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February 2013, Vol. 136, No. 2
Hispanic/Latino fatal occupational injury rates
Christen G. Byler
Christen G. Byler is an economist in the Division of Census of Fatal Occupational Injuries, Office of Compensation and Working Conditions, Bureau of Labor Statistics. Email: firstname.lastname@example.org.
The overall fatal occupational injury rate is higher for Hispanic/Latino workers than for all workers; foreign-born Hispanic/Latino workers have higher rates than native-born Hispanic/Latino workers in certain occupations, a statistic that is explainable by differentials in employment between the two groups
The topic of job safety among Hispanic/Latino workers continues to command the attention of a growing number of people in the occupational safety community. Various events, including the coordination of efforts among various agencies and organizations at the first National Action Summit for Latino Worker Health and Safety, held in April 2010, signal the increasing prominence of this issue.1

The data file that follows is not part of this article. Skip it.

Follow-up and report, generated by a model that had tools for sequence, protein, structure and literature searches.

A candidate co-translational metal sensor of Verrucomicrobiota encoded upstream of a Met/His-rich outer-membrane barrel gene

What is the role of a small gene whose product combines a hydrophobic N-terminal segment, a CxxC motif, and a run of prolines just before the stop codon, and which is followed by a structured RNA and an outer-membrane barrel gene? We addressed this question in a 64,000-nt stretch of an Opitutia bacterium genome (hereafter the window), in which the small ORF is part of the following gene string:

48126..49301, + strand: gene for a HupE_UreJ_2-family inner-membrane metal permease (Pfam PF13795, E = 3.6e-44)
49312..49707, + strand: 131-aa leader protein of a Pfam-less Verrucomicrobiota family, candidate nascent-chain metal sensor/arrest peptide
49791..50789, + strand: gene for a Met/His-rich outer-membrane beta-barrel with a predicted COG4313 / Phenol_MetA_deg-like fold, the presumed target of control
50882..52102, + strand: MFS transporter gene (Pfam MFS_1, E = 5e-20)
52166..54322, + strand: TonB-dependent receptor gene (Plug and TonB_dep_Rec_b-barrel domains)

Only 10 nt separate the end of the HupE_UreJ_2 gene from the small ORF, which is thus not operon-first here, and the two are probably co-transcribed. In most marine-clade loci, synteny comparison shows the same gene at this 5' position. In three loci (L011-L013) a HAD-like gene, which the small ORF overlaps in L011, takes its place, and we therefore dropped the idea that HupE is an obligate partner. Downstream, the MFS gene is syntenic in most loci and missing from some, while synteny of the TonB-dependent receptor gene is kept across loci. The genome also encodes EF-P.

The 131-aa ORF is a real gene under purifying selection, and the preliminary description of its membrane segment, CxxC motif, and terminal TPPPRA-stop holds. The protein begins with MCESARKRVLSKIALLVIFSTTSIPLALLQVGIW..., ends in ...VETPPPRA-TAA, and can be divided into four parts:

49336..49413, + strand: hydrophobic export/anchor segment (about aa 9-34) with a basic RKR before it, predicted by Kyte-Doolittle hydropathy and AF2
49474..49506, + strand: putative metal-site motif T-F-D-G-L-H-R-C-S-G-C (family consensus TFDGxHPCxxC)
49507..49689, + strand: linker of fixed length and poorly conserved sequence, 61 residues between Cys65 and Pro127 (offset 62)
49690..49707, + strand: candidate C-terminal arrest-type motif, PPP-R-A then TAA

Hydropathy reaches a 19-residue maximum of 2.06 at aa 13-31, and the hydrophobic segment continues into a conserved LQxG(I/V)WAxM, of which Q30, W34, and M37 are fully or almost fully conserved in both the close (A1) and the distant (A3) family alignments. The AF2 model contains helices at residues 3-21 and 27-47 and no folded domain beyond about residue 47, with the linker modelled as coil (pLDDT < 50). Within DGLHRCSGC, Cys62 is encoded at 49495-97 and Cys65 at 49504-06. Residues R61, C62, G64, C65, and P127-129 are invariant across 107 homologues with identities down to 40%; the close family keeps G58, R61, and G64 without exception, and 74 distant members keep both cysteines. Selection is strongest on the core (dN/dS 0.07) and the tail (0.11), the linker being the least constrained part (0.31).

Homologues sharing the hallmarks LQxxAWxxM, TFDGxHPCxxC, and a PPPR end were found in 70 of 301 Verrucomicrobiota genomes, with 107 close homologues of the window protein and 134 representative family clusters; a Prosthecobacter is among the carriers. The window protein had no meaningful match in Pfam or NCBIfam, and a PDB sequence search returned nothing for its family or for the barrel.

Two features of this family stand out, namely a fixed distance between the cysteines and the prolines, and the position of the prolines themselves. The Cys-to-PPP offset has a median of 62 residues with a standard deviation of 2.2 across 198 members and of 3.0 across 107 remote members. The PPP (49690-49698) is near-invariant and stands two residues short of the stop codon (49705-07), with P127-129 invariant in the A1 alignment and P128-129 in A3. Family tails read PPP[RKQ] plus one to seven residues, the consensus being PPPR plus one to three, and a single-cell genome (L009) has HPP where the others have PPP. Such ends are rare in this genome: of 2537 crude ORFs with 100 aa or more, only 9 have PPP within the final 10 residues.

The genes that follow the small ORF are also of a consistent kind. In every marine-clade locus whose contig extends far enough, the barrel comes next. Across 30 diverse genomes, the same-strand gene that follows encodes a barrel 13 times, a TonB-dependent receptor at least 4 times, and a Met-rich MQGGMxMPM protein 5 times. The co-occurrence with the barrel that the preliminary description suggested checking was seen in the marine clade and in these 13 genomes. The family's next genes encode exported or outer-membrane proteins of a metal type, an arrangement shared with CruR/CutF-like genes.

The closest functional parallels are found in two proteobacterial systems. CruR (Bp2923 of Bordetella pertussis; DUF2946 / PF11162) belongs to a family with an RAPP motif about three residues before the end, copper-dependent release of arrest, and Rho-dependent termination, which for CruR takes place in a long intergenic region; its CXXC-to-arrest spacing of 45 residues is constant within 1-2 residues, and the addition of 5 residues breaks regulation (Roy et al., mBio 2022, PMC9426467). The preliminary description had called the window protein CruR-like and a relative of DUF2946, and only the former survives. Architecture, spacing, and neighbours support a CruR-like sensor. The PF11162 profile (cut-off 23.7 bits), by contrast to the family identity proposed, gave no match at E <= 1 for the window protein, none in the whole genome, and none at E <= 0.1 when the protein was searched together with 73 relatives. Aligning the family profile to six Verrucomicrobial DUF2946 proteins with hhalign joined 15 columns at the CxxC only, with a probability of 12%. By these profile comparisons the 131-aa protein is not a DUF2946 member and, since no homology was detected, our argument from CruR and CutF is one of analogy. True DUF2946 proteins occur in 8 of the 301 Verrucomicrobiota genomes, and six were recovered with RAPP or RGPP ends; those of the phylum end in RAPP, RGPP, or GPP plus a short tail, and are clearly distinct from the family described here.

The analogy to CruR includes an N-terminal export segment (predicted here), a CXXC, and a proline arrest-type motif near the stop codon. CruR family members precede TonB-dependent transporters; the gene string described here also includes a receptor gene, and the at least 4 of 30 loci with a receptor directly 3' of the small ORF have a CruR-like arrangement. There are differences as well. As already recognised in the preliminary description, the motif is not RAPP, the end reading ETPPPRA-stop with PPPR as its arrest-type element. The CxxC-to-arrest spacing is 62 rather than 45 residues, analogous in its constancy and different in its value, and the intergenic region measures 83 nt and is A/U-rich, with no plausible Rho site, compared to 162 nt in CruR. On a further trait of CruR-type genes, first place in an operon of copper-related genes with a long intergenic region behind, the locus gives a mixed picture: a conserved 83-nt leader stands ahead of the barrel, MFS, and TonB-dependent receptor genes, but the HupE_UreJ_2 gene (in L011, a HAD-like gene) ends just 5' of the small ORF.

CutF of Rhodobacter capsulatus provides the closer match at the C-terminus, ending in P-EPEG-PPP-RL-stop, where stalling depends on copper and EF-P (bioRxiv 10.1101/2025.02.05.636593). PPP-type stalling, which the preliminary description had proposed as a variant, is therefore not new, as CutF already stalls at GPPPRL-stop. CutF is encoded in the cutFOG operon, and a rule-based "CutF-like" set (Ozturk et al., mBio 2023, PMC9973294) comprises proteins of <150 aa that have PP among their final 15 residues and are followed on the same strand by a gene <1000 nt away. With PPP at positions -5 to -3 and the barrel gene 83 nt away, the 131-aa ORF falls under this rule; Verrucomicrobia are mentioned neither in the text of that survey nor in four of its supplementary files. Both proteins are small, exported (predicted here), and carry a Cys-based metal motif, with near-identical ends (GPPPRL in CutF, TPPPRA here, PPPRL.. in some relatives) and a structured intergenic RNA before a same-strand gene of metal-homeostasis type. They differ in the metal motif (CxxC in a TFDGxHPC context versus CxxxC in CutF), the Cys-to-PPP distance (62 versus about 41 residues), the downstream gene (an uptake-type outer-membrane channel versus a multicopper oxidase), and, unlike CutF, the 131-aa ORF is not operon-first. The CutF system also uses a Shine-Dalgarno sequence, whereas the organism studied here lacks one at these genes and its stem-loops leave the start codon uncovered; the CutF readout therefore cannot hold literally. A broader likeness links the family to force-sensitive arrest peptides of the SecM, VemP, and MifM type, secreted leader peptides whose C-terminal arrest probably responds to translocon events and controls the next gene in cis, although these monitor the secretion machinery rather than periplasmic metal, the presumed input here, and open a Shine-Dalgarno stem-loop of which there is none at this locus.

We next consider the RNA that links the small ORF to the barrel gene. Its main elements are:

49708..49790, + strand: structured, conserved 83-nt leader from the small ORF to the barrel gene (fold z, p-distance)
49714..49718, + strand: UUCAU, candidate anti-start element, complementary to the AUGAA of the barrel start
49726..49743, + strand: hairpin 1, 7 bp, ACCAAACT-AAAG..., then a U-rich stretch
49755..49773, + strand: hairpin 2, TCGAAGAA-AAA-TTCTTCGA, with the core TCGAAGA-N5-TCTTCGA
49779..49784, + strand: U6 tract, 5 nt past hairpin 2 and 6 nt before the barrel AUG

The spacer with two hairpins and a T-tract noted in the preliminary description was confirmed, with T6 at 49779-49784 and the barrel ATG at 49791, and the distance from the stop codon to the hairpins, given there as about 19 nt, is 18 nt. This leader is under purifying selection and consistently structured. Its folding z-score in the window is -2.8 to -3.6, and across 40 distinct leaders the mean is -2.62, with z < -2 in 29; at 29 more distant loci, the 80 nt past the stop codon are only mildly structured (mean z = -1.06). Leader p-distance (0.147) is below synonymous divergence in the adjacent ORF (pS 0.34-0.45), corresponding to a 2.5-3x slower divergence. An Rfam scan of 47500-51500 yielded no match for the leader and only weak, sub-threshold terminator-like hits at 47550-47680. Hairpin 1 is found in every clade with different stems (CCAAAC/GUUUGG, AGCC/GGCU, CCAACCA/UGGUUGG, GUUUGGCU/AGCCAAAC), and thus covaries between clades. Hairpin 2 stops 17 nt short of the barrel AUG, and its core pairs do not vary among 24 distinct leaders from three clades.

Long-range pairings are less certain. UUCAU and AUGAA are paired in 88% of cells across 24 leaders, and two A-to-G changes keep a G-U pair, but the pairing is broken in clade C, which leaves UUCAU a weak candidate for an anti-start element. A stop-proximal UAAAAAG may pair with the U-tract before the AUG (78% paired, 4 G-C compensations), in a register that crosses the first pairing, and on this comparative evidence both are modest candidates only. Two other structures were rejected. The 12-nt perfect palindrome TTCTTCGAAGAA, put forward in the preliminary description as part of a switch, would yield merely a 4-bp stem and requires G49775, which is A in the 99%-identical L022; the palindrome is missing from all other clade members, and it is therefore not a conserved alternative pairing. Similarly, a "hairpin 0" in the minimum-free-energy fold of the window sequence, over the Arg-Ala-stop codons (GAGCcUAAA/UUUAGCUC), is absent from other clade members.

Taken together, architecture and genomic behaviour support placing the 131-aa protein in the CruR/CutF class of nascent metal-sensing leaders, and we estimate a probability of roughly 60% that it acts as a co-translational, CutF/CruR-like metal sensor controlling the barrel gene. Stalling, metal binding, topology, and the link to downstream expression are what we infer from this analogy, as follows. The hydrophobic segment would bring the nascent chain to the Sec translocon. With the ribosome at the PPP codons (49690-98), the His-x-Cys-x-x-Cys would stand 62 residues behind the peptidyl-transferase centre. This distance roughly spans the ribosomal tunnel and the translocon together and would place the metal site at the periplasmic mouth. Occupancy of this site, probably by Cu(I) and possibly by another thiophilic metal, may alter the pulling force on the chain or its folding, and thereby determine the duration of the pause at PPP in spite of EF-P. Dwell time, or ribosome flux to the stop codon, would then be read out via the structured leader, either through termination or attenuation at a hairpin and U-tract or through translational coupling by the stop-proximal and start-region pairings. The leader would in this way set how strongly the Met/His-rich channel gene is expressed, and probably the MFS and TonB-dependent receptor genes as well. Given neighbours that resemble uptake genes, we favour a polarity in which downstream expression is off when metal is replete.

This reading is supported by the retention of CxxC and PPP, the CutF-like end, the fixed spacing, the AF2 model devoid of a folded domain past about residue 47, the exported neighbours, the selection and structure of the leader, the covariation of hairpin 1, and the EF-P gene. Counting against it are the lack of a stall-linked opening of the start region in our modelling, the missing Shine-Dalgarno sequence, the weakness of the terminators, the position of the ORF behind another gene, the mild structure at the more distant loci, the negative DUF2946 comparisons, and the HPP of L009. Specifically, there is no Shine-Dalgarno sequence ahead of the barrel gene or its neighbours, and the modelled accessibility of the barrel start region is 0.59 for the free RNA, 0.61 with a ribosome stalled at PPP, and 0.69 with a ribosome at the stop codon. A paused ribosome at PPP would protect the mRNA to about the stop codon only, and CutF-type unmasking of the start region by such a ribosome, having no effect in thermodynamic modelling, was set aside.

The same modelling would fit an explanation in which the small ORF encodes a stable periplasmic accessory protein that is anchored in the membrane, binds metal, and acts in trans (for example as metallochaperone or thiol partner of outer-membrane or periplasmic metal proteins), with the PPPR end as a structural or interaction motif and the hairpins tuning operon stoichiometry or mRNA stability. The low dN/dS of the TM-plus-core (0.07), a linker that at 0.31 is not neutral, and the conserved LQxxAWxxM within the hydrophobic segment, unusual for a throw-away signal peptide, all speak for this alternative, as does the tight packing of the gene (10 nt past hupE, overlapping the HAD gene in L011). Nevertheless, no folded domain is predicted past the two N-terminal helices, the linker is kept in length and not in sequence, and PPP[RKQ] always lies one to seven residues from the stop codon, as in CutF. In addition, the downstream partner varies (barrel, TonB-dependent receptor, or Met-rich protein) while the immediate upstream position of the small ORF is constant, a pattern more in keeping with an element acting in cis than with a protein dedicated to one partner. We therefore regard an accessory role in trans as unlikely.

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1 Dr. David Michaels, "Modernizing OSHA: Plenary Remarks," paper presented at the American Society of Safety Engineers Professional Development Conference & Expo, Baltimore, Maryland, June 14, 2010, http://osha.gov/pls/oshaweb/owadisp.show_document?p_table=SPEECHES&p_id=2221.
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